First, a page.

I blogged last week about challenging myself to write 1666 words a day with my own version of NaNoWriMo, which I called DisWriMo. Since then, I’ve jumped on the AcWriMo bandwagon but my plans haven’t changed – I’m still aiming to write 1666 words a day on my thesis in November.

Except today I didn’t write any words at all. But I’m not beating myself up about it, and here’s why.

Over the first three days in November, I managed to write 4704 words. This is more than I’ve written on my thesis since my confirmation seminar in April. April 2012, that is.

I didn’t realise it had been so very long since my confirmation. And that meant I didn’t realise it had been so very long since I wrote anything related to my thesis. I think I had a mental block about thesis writing and the first three days of AcWriMo helped me to break that.

This is really important, and not just because I need to churn out words, stat. It’s important because I sense-make by writing. I know that. I’ve always known that. And yet I haven’t been accommodating that particular work style. I felt like I had to code All The Transcripts before I started writing, and I’ve been putting off writing while I did that. The trouble is, I have found coding really difficult. Not intellectually (although it’s true that it is challenging), but motivationally (I’m not even sure that’s a word). I’m okay one I’m coding, but making myself get started – in the morning, after a Pomodoro break, on a new transcript – has been bloody hard. I think this is partly because I really got into the spirit of initial coding and I was generating codes like a crazy woman. I had nearly 2000 by the time I’d done the first five transcripts. And then I spent weeks and weeks and weeks sorting them, resorting them, recoding the same pieces of data to check myself…  So I was stuck at this really detailed level of coding and I couldn’t quite figure out how to move forward, and I think that happened because I wasn’t letting myself write and so I was struggling to sense make. The writing I did over the first three days of AcWriMo has helped me to conceptualise the structure of my emerging findings.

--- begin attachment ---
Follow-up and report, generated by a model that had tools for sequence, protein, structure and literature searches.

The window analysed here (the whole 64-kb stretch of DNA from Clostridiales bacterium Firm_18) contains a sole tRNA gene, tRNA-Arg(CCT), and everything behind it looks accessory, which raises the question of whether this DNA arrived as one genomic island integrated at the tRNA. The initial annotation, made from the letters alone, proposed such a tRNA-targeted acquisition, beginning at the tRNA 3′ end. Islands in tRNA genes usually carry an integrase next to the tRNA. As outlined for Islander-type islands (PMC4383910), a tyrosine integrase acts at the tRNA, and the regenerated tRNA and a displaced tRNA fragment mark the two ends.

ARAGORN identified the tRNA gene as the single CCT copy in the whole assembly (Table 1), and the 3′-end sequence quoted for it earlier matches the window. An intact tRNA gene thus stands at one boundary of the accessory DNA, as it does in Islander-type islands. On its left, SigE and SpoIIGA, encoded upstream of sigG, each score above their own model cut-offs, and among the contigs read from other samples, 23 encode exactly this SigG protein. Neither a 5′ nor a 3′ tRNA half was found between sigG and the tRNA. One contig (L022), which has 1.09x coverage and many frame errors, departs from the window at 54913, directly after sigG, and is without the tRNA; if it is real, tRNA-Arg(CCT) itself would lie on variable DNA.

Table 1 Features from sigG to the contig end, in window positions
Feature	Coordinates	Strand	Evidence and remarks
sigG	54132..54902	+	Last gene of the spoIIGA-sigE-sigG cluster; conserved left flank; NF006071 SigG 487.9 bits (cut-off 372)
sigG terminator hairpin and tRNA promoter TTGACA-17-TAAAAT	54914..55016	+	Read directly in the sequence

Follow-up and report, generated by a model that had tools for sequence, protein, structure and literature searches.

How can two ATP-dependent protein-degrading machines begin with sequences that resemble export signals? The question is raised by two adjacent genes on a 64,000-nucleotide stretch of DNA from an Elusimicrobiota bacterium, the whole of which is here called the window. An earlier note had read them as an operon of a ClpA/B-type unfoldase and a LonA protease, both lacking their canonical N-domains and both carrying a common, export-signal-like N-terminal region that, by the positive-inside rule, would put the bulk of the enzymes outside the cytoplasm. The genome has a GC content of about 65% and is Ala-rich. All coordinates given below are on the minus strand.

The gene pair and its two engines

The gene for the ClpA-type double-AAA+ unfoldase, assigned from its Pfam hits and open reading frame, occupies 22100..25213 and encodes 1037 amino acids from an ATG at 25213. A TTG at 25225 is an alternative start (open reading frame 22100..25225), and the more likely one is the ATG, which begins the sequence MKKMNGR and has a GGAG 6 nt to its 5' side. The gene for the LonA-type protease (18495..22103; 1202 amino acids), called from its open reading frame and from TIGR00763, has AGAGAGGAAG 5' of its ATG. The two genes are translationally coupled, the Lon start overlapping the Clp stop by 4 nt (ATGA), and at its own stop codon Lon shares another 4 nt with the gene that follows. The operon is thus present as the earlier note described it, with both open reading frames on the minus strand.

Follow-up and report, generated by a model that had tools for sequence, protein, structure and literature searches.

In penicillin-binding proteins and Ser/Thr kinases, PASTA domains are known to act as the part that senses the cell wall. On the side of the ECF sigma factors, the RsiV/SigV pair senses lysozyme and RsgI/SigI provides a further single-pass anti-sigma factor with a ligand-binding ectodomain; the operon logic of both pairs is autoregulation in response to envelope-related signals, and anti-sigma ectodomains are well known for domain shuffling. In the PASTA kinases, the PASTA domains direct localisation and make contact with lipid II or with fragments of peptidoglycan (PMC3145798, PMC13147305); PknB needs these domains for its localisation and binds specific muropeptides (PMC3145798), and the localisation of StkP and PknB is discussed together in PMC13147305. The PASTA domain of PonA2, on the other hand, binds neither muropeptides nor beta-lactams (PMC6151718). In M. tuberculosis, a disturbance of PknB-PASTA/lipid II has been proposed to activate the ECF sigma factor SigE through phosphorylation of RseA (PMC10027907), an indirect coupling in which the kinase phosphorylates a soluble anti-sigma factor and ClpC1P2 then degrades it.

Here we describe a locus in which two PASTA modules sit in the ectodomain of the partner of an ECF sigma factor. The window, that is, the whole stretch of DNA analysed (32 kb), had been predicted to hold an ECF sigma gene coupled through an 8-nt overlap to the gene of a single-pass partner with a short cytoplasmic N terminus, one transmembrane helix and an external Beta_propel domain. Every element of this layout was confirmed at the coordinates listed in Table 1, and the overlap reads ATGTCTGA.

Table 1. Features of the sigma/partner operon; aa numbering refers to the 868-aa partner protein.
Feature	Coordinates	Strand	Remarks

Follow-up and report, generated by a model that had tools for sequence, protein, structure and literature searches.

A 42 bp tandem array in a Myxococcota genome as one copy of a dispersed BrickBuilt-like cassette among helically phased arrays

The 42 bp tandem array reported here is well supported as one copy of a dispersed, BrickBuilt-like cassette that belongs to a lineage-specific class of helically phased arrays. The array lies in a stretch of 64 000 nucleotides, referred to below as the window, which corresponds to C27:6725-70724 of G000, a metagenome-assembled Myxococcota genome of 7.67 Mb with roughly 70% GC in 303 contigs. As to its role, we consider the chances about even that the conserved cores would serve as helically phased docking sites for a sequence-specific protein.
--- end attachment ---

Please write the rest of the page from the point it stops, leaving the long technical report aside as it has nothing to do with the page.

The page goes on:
This morning I sent 3000 words about the structure of my categories to my supervisors. It feels like I’ve actually *done something*. Finally.

So I’m just going to celebrate that and accept that what I did today was just as necessary as writing and see what happens tomorrow.

Since I still have transcripts to code (I hoped I’d be done by the end of October. Or September. Or August. But let’s not go there.), I am revising my daily goal a little bit for the next week. This week I’m going to aim for 750 words a day and one transcript coded. But for now I’ll leave my monthly target at 50,000 words and see how I go.

02 Nov

are simple, happy and meaningful mutually exclusive?

A few weeks ago I wrote a post about how I wanted to stop glorifying busy and live a simple life. My Simple Life (with caps, because it’s very much an entity in my mind) vision is a very pretty picture. It looks like an isolated house with a view of green fields and sugar cane. It looks like contentment and calm and valuing people over possessions. It looks like creativity and financial freedom and (one day in the future) home schooling. I even know where this simple life should be situated – just south of the border, a little bit north of Byron Bay. I indulge in this simple life fantasy whenever I drive through this area, but I suspect that in my case, the Simple Life fantasy is very much full of fancy.

I have another simple life fantasy though. This one doesn’t get caps because it isn’t a mythologised, fanciful, indulgent and unattainable dream. This one looks like doing meaningful work, nurturing my family, achieving a ratio of work to life that sits well with me, being creatively fulfilled, investing in relationships, valuing people, being present, having time. While I might indulge my dream of the Simple Life, it is the simple life that I am invested in achieving.